Main Article Content
Aim: To examine the relationship between reflective thinking and metacognitive awareness to help medical students to be independent learners who can control their learning and improve their professional performance.
Study Design: It is a cross-sectional correlational study.
Place and Duration of the Study: This study was conducted at the Faculty of Medicine-Suez Canal University in August 2018.
Methodology: This is a cross-sectional correlational study; the study population included the undergraduate medical students in all study years at the Faculty of Medicine, Suez Canal University. The sample was 264 randomly selected students by using a cluster sampling technique. The instruments that were used for data collection were the Metacognitive Awareness Inventory (MAI) to measure students’ metacognitive awareness levels, Reflection-in-Learning Scale (RLS) to measure the students’ reflective learning levels.
Results: The descriptive statistics of both MAI and RLS total scores of students in the six study years revealed that students have mean total MAI total scores = 178 ± 26 and have mean total RLS total scores = 60 ± 13.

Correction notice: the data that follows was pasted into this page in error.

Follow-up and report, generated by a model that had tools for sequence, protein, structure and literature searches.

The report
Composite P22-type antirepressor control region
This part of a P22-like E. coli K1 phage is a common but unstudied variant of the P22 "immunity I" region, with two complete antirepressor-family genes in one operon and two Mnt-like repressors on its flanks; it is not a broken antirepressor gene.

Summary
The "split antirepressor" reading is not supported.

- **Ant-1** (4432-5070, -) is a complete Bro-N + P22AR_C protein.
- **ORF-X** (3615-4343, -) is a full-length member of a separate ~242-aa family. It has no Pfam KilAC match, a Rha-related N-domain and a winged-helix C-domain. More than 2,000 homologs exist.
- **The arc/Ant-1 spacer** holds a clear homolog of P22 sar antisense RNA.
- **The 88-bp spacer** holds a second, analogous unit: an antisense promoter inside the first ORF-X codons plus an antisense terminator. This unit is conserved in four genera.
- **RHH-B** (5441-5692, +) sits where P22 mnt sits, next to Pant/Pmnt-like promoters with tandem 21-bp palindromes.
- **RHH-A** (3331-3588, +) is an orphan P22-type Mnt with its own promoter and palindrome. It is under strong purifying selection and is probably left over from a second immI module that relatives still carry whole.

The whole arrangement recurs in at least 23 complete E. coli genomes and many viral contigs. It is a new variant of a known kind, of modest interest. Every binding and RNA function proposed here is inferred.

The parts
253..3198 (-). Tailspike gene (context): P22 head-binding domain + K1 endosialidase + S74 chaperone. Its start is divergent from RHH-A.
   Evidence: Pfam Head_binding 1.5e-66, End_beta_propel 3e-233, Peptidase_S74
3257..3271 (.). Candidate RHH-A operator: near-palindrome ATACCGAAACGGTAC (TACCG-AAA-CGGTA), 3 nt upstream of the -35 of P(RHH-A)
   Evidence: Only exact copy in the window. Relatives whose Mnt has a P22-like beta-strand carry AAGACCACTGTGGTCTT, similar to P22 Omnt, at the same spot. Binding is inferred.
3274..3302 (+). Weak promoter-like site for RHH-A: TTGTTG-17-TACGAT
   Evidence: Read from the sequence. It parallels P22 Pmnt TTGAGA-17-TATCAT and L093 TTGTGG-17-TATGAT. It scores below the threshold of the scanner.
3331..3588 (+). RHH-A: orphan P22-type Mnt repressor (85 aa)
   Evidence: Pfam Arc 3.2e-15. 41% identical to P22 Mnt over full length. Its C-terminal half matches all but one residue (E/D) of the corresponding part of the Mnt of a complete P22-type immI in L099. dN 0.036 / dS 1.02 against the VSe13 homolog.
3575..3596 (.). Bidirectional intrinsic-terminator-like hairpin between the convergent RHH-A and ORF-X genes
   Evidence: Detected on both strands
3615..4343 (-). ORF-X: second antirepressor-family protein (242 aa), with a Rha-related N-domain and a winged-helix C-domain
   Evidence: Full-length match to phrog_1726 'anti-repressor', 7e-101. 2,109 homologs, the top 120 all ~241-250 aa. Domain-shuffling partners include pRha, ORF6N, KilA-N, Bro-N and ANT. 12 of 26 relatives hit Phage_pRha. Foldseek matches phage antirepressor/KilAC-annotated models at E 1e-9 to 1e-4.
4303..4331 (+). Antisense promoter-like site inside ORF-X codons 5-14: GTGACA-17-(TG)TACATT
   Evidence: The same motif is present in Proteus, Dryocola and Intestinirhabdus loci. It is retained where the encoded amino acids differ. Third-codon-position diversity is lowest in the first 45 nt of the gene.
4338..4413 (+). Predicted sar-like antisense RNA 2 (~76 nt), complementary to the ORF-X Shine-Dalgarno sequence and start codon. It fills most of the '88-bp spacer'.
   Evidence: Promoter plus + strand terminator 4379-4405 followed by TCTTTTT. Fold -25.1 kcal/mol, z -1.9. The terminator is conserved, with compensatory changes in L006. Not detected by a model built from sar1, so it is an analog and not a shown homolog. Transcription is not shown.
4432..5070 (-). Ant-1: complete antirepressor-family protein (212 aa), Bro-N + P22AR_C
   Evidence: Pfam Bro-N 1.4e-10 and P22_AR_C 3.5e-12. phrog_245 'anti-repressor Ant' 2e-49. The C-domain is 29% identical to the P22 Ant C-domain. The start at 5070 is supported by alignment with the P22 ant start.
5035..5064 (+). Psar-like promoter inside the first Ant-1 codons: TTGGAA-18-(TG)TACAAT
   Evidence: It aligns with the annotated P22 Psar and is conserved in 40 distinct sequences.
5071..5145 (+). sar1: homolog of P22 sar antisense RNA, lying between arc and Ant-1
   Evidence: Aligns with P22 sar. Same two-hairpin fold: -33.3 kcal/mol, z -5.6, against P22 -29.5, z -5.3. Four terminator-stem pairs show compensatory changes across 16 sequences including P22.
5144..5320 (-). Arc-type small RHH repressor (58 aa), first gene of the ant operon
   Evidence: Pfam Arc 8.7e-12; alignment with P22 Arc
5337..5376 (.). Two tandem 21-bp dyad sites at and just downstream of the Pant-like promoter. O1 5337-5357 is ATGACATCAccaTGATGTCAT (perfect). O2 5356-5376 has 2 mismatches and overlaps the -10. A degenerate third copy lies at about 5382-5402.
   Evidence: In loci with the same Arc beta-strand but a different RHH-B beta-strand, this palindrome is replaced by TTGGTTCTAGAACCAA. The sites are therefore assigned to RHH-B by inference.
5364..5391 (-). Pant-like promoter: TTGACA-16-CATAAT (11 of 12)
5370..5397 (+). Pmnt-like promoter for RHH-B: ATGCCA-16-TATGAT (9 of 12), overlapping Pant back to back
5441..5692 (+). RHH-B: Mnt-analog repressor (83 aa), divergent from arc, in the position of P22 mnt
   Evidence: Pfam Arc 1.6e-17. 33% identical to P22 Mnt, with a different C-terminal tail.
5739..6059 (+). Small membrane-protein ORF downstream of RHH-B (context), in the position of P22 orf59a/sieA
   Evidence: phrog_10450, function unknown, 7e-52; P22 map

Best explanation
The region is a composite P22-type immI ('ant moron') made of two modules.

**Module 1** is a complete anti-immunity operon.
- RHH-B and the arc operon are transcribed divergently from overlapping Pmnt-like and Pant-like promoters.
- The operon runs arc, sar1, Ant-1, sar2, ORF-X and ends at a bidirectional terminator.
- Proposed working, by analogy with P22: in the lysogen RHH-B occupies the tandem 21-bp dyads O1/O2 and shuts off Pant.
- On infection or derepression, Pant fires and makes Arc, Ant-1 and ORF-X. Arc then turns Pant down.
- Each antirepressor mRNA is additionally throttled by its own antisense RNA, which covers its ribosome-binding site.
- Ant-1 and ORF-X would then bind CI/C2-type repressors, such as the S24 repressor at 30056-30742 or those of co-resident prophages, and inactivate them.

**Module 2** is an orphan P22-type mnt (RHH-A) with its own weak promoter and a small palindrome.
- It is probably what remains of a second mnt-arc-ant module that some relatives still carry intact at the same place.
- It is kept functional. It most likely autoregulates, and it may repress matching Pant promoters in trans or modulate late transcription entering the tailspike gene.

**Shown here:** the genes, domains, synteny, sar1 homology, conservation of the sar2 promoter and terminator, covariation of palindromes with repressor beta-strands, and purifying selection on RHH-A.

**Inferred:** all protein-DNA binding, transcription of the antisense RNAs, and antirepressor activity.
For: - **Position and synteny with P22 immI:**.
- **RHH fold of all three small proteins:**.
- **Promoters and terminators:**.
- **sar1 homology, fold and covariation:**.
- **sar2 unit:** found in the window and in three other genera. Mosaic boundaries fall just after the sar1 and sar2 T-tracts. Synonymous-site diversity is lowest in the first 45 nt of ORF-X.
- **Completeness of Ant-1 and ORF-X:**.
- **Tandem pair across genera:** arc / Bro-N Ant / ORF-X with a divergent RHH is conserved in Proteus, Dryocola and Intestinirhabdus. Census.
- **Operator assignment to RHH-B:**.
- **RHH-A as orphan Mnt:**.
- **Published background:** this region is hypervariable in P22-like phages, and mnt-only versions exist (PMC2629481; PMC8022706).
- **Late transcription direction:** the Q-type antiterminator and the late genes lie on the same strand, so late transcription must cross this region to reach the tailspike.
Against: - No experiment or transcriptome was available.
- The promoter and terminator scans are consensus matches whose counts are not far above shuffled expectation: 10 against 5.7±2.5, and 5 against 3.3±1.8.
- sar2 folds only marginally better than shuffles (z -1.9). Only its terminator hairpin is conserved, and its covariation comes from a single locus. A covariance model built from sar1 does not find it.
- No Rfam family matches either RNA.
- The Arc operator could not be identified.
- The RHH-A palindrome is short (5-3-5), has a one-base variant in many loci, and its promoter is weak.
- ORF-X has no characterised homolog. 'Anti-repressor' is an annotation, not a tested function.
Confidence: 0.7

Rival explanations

The Spearman's correlation between the metacognitive awareness and the reflective learning skills of medical students revealed that there was a statistically significant high positive correlation between the metacognitive awareness and the reflection in the learning of FOM-SCU students (p= 0.699, p-value<0.0001).
Multiple regression analysis revealed that the weighted combination of the predictor variables explained approximately 50% of the variance of reflection in learning.
Conclusion: It is concluded from this study that the students at the Faculty of Medicine, Suez Canal University have fair to good metacognitive awareness and partial to ample reflective abilities. There is a significantly high positive relationship between metacognitive awareness and the reflective learning skills of medical students.
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